Tag Archives | Resilience

Weeds or Wild Nature: A Permaculture Perspective

David Holmgren presented this report as part of a series of seminars on “Contentious Perspectives on Weeds” at the 45th Annual General Meeting of the Weed Society of Victoria in April 2011. It was subsequently published in Plant Protection Quarterly, Volume 26, Issue 3, 2011, p.92-97, along with other proceedings from the seminar.

His message about nature’s resilience is a counter balance to the orthodox picture from the biological sciences of endless ecological collapse in the face of human impact. He brings these perspectives into the 21st century where fundamental challenges to civilisation are changing the ground rules for how we work with nature.

“Land design and management informed by permaculture principles tends to regard naturalized species of plants as assets that should be managed to stabilize water and soil, build biomass, fix nutrients, ameliorate microclimate and provide habitat, fodder, fuel and food in the early stages of system development. While naturalized species may be given a lower value in permaculture design than species regarded as indigenous to the site and region, the typical designation of naturalized species as ‘invasive species’ or ‘environmental weeds’ is typically rejected as anti-ecological thinking.”

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See also the earlier article on the same subject first written in 1997, Weeds or wild nature.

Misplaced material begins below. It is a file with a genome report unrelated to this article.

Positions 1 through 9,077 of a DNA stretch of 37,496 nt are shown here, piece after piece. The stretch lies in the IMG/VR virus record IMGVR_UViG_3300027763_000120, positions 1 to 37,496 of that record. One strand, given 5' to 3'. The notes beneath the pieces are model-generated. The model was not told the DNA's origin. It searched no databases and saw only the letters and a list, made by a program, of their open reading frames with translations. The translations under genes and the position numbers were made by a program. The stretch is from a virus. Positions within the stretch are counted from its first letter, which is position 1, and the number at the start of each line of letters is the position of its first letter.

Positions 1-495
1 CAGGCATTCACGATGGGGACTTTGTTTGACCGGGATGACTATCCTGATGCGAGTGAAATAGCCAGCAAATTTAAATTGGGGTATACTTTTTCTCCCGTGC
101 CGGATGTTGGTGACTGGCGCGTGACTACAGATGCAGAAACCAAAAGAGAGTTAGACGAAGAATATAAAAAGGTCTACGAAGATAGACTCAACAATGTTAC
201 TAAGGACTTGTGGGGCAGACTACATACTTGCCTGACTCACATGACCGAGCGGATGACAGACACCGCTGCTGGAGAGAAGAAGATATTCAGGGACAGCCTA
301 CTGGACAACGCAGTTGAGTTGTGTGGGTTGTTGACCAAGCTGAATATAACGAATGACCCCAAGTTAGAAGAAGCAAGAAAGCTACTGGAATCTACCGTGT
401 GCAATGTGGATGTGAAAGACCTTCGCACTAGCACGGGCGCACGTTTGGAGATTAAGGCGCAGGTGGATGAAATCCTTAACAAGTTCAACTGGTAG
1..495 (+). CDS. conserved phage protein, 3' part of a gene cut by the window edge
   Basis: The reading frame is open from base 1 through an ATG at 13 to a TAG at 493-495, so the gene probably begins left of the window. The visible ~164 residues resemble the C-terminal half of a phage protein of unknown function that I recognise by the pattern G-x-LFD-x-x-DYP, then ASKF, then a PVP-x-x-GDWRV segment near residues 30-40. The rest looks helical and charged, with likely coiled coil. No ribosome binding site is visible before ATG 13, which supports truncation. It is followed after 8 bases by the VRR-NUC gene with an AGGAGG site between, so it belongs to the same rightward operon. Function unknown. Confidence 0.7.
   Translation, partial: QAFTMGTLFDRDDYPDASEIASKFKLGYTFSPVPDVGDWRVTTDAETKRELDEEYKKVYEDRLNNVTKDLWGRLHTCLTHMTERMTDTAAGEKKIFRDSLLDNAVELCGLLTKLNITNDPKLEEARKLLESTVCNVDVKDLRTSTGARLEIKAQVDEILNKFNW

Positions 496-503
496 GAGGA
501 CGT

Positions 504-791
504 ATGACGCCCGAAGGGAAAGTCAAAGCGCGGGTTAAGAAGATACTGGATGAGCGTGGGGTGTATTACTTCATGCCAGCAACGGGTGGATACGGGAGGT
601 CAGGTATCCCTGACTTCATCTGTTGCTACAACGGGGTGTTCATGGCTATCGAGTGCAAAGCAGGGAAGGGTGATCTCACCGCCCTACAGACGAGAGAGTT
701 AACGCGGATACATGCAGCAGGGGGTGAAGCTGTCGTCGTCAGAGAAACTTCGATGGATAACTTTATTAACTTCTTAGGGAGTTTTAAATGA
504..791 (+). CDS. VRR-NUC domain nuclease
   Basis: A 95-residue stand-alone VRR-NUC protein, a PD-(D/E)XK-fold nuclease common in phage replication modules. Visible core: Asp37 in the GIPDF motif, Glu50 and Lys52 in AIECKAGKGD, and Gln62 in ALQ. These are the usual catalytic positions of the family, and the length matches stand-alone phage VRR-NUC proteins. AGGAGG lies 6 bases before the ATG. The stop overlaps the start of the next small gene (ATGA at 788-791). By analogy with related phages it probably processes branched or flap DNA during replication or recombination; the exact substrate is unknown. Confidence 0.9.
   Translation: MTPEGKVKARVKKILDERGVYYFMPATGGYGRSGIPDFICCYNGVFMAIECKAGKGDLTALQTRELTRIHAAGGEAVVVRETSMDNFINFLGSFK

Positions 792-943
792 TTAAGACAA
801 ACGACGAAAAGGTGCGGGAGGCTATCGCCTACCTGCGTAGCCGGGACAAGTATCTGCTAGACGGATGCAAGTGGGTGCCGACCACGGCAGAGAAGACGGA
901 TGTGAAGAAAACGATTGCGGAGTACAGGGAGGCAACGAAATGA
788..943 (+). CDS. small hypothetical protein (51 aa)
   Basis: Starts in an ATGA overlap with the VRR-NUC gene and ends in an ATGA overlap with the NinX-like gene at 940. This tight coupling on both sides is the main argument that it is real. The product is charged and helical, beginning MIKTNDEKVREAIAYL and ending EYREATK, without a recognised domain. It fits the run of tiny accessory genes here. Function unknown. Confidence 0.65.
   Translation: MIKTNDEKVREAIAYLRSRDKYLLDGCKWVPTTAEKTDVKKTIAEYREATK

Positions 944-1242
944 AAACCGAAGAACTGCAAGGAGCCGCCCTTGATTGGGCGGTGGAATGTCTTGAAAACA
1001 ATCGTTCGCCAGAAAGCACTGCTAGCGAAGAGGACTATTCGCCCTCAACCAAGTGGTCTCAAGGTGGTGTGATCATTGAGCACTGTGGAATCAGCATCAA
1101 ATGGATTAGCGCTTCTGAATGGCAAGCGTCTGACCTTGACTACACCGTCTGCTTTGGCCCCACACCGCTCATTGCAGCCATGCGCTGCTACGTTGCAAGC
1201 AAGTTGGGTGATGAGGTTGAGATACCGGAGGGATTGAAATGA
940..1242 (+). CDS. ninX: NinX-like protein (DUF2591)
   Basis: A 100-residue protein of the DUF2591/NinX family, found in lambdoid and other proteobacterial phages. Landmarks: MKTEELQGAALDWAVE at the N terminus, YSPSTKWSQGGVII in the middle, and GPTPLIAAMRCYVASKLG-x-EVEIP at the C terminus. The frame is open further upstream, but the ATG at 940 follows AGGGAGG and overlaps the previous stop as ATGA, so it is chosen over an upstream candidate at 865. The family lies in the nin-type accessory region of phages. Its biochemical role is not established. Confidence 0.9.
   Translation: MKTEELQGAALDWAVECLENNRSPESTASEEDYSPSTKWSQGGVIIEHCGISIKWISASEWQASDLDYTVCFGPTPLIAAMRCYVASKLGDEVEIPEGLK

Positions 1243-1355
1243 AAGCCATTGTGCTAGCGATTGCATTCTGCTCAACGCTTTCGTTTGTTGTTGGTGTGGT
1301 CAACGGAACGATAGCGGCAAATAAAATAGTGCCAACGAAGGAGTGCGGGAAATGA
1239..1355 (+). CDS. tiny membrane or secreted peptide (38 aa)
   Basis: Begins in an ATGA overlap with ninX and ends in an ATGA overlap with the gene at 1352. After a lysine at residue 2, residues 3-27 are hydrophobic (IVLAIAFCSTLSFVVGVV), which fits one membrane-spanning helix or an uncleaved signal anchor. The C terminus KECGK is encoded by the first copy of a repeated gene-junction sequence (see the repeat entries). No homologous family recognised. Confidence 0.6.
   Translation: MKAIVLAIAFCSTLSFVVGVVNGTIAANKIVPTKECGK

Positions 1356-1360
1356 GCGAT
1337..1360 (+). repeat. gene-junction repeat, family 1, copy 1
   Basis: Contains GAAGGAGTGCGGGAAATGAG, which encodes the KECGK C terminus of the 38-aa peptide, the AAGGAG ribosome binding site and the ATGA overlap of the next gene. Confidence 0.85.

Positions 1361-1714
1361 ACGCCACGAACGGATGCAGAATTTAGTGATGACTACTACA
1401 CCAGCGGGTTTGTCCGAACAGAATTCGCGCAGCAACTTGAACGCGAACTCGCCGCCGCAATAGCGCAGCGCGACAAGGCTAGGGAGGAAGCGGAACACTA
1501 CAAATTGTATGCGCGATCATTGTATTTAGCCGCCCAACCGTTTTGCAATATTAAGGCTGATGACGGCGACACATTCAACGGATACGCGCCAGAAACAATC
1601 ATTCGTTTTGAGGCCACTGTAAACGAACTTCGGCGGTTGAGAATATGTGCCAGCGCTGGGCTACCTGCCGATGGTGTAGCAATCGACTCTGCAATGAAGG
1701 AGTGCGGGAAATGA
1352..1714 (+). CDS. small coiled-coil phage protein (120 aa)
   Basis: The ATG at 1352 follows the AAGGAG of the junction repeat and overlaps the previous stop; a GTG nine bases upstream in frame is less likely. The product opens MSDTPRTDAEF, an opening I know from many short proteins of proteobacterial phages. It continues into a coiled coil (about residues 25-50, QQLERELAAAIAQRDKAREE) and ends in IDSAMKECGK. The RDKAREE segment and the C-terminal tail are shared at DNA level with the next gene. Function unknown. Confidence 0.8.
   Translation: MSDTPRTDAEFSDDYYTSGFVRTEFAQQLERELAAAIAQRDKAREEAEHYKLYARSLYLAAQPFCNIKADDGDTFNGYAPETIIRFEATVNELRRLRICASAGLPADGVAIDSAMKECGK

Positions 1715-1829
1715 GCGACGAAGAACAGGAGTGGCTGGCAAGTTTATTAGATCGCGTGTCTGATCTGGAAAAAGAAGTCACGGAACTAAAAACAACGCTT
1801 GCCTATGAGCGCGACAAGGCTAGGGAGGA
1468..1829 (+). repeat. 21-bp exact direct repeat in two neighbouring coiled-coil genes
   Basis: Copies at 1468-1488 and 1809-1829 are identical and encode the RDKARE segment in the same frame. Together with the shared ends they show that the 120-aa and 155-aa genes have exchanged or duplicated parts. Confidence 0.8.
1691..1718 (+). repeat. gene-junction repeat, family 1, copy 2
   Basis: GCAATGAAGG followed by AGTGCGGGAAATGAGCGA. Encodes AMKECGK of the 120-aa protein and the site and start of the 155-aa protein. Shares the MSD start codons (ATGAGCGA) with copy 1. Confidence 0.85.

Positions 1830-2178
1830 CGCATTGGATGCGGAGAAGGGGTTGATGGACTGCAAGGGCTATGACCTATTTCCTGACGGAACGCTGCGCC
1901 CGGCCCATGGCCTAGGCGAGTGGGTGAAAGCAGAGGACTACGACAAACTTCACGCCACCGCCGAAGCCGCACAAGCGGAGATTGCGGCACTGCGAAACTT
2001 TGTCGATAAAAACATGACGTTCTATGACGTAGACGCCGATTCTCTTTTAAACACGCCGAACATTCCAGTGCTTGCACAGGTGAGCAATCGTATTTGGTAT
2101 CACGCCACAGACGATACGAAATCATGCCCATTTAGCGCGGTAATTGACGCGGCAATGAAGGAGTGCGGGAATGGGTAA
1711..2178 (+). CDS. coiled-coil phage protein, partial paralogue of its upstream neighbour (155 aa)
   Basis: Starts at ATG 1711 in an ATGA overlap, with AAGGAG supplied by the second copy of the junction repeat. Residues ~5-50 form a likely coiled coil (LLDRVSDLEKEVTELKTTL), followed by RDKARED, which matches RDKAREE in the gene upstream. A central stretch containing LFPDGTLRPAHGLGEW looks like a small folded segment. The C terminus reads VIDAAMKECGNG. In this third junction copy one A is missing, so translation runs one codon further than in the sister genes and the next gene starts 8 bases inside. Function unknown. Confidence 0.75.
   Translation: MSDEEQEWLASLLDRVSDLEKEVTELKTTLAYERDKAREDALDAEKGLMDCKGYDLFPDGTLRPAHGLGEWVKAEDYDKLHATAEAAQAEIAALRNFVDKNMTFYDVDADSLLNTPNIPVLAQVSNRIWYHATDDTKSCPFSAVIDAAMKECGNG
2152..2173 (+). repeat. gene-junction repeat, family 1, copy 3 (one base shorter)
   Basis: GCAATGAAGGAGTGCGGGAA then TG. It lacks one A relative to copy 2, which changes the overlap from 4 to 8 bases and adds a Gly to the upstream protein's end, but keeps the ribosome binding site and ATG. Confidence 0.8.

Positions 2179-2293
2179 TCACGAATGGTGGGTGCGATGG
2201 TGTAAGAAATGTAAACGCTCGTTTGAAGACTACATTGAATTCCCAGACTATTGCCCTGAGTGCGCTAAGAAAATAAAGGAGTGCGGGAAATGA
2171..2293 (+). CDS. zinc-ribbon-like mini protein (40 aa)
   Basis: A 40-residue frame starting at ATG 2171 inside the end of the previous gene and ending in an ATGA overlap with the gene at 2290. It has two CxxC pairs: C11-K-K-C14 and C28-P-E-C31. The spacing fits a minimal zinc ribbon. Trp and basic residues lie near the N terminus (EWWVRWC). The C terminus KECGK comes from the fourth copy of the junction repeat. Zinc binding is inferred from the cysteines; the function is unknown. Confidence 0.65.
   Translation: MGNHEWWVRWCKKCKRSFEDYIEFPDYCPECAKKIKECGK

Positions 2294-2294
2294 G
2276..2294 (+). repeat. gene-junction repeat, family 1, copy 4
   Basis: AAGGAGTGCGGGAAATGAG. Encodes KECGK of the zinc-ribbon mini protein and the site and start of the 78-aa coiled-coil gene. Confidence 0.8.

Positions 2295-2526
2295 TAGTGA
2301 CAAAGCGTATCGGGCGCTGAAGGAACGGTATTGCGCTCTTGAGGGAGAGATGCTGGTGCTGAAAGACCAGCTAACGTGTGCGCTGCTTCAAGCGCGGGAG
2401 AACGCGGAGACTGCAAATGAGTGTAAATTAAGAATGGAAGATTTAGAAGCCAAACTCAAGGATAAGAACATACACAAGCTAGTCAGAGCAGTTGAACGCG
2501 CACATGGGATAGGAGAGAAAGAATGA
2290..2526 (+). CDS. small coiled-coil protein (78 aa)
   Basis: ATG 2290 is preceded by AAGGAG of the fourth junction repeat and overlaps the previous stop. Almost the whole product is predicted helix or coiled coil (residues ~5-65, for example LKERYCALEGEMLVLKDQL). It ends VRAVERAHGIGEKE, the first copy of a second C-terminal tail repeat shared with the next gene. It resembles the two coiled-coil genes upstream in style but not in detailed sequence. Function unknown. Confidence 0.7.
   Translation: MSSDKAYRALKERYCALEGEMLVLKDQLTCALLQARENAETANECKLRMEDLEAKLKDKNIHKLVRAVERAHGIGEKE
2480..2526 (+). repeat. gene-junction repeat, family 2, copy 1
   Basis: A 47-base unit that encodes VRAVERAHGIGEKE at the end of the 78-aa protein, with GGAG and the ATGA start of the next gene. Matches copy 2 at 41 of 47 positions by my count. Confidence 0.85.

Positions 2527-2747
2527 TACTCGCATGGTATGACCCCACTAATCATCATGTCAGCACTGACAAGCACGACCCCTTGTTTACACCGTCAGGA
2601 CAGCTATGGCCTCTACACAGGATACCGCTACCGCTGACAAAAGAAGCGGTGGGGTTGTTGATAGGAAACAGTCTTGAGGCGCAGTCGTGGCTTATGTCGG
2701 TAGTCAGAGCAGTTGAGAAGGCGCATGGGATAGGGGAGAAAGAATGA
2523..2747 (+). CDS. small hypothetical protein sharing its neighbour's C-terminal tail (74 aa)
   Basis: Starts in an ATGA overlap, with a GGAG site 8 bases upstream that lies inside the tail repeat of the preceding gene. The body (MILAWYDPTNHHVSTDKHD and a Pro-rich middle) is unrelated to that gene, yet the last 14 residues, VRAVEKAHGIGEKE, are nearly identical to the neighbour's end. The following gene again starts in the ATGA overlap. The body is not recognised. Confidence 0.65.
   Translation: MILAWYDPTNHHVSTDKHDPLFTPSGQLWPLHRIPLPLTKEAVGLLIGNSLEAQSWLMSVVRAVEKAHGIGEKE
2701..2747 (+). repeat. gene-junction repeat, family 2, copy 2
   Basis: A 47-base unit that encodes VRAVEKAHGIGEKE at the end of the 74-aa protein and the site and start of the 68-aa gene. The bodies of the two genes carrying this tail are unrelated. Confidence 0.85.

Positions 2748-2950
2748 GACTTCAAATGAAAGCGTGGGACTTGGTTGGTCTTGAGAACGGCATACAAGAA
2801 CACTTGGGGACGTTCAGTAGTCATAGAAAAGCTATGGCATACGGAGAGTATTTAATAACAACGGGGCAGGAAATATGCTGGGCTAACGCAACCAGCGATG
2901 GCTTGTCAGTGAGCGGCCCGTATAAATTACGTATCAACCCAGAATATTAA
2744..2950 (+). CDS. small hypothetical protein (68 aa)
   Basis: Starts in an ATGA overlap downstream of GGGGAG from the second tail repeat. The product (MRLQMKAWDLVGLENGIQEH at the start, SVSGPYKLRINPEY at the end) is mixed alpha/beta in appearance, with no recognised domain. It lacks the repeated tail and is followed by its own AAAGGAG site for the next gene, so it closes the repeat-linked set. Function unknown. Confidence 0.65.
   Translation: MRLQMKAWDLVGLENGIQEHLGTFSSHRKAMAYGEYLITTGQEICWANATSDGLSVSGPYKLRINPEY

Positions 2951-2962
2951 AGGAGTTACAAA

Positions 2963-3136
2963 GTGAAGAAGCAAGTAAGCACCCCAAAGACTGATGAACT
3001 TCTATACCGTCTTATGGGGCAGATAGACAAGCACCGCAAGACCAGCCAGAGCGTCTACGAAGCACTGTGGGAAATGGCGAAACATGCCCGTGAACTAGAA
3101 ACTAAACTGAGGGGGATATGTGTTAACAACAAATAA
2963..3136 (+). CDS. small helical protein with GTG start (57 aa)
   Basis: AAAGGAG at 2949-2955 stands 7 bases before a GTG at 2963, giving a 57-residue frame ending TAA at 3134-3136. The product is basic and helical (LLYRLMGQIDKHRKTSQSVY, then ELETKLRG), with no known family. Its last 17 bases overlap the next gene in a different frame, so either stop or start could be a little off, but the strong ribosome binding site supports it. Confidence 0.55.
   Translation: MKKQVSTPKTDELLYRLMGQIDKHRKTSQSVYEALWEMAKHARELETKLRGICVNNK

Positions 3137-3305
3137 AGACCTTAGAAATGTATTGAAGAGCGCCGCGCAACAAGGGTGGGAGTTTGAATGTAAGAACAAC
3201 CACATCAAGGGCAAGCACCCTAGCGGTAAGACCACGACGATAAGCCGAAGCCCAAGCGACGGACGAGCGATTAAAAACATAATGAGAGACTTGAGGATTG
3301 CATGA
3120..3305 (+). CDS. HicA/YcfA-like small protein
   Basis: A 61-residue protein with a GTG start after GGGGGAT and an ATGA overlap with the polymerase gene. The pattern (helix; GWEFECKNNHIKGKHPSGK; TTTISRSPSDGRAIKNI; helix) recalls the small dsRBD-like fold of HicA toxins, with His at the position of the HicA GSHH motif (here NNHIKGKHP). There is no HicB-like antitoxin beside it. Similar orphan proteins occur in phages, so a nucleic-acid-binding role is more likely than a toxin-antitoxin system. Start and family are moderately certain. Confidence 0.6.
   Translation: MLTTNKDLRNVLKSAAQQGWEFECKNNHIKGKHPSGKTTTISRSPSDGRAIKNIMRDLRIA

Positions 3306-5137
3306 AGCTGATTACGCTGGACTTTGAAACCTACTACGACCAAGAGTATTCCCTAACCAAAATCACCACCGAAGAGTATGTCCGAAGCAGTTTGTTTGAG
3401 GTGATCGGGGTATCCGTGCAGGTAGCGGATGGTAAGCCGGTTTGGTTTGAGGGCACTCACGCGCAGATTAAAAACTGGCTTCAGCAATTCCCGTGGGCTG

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Bee keeping for the energy descent future

Bee keeping at MelliodoraThis article is a reflection on “the prospects for apiculture (bee keeping) as a sustainable and resilient livelihood in the future” and considers the current state of apiculture and future possibilities from a number of different angles.

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Bushfire Resilient Communities and Landscapes

A 52 page discussion paper focused on David’s home community of Daylesford and Hepburn where it is already influencing community and local government action.

It covers a wide range of issues relevant to bushfire vulnerable communities in Australia and abroad including psychological and social preparedness through to management of fire prone landscapes. All of these issues are addressed in the context of the wider climate/energy/economic crisis and illustrate permaculture thinking beyond, but including, the garden.

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